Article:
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Small Business Solutions

The only difference between my gas station and Wal-Mart is that they have more suppliers, more products, with more customers

Several years ago I was thinking about buying a small gas station in my local town. I went to my friend Gregory Z., a successful businessman in this field, and asked him, "How do I start a gasoline business?" He gave me simple but wise advice: "You know nothing about gas, but know a lot about computers. Keep doing what you're doing. Just be a little better than others".

I'm trying to follow his advice but I keep thinking how would I apply my software skills had I bought such a business. So here I am again asking for your help, advice, and experience: let's automate my virtual gas station.

The Setup
I've borrowed the money from a bank and now I have:

  • A four-car gas station
  • A small convenience store (coffee, cigarettes, milk, newspapers)
  • A repair shop that changes oil, brake pads, and tires
  • Six employees: one American, two from India, one from Russia, and two from Pakistan; one employee speaks English, and the others speak well in their native languages. I think they have work permits.
  • Three decent Wintel computers
  • $1,000 USD software budget
Service-Oriented Architecture
The only difference between my gas station and Wal-Mart is that they have more suppliers, sell more products, and have more customers. But I'm facing similar challenges: I need to deal with various suppliers of gas, food products, and car parts. I also need to have accounting and payroll systems. That's why I'm planning to architect a system that has different services communicating with each other. I need a service-oriented architecture (SOA).

In a perfect world, all service providers use the same protocol, which is as challenging as having all my employees use only the English language. My employees are trying hard, because for them it's a matter of surviving. Initially they are exposing just a minimal number of public services like fillItUp, getCash, processPlastic, marlboroLightsPlease, oilChange, and takeTip. Smarter employees quickly add more services to their vocabulary to become more competitive. Each of these coarse-grained services may consist of several smaller steps, but consumers don't need to know about them.

Service Coupling
When the guy who sold me the business gave me a pile of different forms to use with suppliers, I thought to myself, "Tight coupling in action." I need to know where these suppliers are located, their services, and how to request them. If a particular vendor changes its request form (the protocol), I'll need to get a new one, otherwise I may lose this service. I'd rather be sending a message to some destination saying, "Yakov needs 1,000 gallons of 93-octane gasoline." Expected response: several price quotes from different vendors. This would be an example of decoupled services. I don't know who they are and they don't know who I am, but we've dynamically discovered each other. I've heard that Jini could help me with this. Is this right? Anyway, in a loosely coupled system a service requestor needs to know the name of the service, what data to provide, and what to expect back, but it should be easy to switch from one provider to another.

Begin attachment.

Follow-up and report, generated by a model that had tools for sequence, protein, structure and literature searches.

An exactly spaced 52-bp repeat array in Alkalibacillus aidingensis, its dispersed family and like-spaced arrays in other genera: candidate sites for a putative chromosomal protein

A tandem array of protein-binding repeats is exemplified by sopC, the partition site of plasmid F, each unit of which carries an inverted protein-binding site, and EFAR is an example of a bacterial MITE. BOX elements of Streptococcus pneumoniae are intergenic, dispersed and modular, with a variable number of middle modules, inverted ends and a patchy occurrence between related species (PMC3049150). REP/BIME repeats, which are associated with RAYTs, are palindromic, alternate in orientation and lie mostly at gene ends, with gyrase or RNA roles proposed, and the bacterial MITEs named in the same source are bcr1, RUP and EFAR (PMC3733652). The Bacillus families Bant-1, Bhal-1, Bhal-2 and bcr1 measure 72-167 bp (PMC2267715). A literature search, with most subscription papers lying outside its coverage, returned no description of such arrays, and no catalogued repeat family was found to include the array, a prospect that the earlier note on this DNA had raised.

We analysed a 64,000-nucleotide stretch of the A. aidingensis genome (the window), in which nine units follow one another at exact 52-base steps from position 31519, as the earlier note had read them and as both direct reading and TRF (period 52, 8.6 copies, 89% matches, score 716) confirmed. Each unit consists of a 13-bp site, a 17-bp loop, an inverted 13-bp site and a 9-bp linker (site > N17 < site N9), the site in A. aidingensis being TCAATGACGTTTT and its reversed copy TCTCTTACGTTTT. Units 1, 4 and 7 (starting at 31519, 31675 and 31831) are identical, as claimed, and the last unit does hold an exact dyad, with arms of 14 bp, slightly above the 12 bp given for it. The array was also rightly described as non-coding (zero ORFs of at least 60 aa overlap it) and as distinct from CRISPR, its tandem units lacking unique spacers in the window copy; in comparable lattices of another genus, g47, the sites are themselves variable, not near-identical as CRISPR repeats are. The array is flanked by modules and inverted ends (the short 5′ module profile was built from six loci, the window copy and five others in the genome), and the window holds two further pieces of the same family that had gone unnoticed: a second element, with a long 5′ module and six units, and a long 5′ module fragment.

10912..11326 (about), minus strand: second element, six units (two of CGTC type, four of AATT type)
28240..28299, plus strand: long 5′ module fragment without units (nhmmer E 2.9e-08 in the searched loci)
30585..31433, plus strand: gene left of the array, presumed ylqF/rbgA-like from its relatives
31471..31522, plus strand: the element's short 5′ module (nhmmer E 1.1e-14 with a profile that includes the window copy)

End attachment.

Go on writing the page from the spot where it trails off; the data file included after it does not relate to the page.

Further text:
Messaging and Transport
One of the best ways to request and receive services is by using asynchronous messaging. JMS is an excellent API, but you still need a transport to deliver your messages between the services, for example, message-oriented middleware (MOM). IBM and Tibco offer great MOM products, but I'd need to sell my gas station and get another loan just to pay for it. No, I need to find something for free.

Web Services
Web services seems to be a decent way to arrange my interaction with external suppliers using a free Internet-HTTP-WSDL-UDDI-SOAP combo. If my external vendors will start publishing their gasoline-tires-milk quotes, I'll write a program that will automatically be looking for the best deal in my neighborhood. Can Eclipse IDE help me with automatic generation of all supporting files for Web services?

OOP Plus AOP
It goes without saying that I'm thinking objects (thank you, Bruce). When I close my eyes, I clearly see the classes Product, Order, and Customer…but after reading about aspect-oriented programming (AOP) these objects become blurry. But AOP is a way to go and I'll dig more in this direction.

Storing My Data
I need a free DBMS. It doesn't have to be fancy and implement sophisticated SQL constructs. Inner and outer joins plus indexing will do. Coding business logic in stored procedures is not in fashion these days. Hibernate looks nice for object-relational mapping. Is this my best option?

Front End
For thin Web clients I'm planning to learn AJAX. If Google did it, so can I. How about rich clients? Swing is not there yet; SWT looks better; .NET is the best but isn't free. Should I spend my money on VB.NET? But I don't know VB! Let me ask my Russian employee Alex if he knows it. He looks like a PhD (does he really have a work permit?).

Help
I'd love to hear your input to this new column. You don't need to write any code, but rather suggest some affordable tools and architectural solutions for my small business. Just provide your feedback to the online version of this article at http://jdj.sys-con.com/read/108260.htm.

More Stories By Yakov Fain

Yakov Fain is a co-founder of two software companies: Farata Systems and SuranceBay. He authored several technical books and lots of articles on software development. Yakov is Java Champion (https://java-champions.java.net). He leads leads Princeton Java Users Group. Two of Yakov's books will go in print this year: "Enterprise Web Development" (O'Reilly) and "Java For Kids" (No Starch Press).

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